Over the past 2 weeks, I’ve criticized Yahoo!’s Carol Bartz and HP’s Mark Hurd for excessive pay and perks, given their companies’ recent performance. It’s been interesting to read the many emails I’ve received on the articles – mostly from employees of both companies.
A few emails – maybe 5% -- take the CEO’s side and make the case that paying our leaders a lot of money is part of our capitalist system. Their advice to me: get over it already.
However, the majority think it’s crazy that these leaders (more so Hurd because Bartz has only been there since February) have pushed through job cuts and slashed pay for workers and then pay themselves and their lieutenants gobs of money.
One reader who asked “why do people equate corporatism to capitalism?... Corporatism (what people ignorantly call capitalism today) transfers ownership of assets from the individual to the corporation. In pure capitalism, ownership of assets is predominantly held, and kept by, the individual.”
One reader asked me, expressing shock and outrage at how HP’s execs could be flying around on private jets for personal trips on the shareholders’ dime when she knew several former employees now in food lines, “how can this happen that these executives get away with this?” There are many to blame here.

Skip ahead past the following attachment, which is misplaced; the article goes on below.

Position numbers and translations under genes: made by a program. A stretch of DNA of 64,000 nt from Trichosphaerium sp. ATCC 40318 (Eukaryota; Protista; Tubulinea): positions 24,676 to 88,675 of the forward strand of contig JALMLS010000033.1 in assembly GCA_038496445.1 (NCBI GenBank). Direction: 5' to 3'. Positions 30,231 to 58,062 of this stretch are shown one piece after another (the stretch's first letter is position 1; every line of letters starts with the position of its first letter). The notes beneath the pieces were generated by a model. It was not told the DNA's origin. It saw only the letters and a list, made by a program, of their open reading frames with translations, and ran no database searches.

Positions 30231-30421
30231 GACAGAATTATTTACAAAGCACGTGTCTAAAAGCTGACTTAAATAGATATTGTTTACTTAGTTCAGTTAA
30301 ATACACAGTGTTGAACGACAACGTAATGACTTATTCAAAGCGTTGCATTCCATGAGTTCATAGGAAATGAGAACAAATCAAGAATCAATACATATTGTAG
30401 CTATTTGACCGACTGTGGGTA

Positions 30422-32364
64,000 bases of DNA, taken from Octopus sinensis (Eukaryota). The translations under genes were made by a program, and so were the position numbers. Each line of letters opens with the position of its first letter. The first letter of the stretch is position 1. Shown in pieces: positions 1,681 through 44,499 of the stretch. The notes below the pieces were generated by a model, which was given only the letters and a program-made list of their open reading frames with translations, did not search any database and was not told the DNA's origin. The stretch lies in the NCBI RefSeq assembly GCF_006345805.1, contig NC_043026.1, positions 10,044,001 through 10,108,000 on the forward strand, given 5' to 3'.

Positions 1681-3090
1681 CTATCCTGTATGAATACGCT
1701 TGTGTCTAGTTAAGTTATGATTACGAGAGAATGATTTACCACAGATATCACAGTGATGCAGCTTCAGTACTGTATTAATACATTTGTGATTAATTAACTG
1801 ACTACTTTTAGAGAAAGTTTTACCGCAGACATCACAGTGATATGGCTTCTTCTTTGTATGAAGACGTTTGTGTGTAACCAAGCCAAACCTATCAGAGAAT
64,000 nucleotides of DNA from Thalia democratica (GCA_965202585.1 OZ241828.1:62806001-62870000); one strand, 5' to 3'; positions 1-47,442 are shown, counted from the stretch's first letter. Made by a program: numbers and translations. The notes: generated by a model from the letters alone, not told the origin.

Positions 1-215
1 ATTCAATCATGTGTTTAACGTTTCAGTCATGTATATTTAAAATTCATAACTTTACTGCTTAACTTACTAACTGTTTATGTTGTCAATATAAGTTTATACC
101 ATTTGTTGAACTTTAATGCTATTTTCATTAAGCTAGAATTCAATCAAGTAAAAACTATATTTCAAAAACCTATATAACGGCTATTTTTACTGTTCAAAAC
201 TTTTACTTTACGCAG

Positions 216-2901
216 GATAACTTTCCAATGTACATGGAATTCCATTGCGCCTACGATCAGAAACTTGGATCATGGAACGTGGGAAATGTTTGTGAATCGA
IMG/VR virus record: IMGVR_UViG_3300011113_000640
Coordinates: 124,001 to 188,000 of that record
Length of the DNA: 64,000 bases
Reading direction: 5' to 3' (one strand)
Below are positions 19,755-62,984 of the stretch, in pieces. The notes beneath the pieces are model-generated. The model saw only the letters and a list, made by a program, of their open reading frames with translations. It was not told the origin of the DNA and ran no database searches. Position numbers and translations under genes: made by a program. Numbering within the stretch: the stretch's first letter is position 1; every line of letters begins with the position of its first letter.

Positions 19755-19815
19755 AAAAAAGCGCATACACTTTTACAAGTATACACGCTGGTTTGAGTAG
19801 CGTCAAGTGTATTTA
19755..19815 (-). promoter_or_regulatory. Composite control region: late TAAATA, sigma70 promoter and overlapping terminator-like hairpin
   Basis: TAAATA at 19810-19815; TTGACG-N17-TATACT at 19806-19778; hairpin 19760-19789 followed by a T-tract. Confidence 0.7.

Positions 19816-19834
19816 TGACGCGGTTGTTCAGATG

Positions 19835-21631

Not many journalists or retail shareholders go through a company’s proxy statement in detail, reading footnotes on each page outlining executive comp. When mainstream reporters cover an executive’s new pay package (like Bartz’ back in January), they typically vastly understate it. Why? Quite simply, it takes a long time to read through and digest all the variables to tabulate a true likely scenario of what someone’s going to be paid over the next year or few years. Most journalists want to pump out a story and move on to the next one – or frankly aren’t trained in how to read all the permutations of a comp table.
If journalists aren’t able to read through these comp tables, is it any wonder that most retail shareholders can’t or don’t?
And, although the SEC has tweaked the requirements for how companies need to report this information, you can’t say the agency has nailed it yet, if the goal was for shareholders to be able to understand the information and act on it when necessary.
There is one group smart enough to know what’s going on in the comp tables, and is in a position to call out CEOs for egregious pay: the analysts who cover the companies. Yet, they won’t, because it doesn’t do them or their employers any good. Even post-Henry Blodget, analysts don’t get bonused for antagonizing CEOs with comfy pay packages. So, they keep their heads down, pump out meaningless price targets, and ask innocuous questions of management during their quarterly calls like “I wanted to get a little more color on your day sales outstanding,,,” or “what assumptions should we make about your tax rate for next year” and – my personal favorite – the obsequious pat-on-the-back “great job, guys.”
The few activist investors left are only going to poke the few companies that they take positions in. They’re not going to call out large numbers of CEOs – especially if they don’t have skin-in-the-game.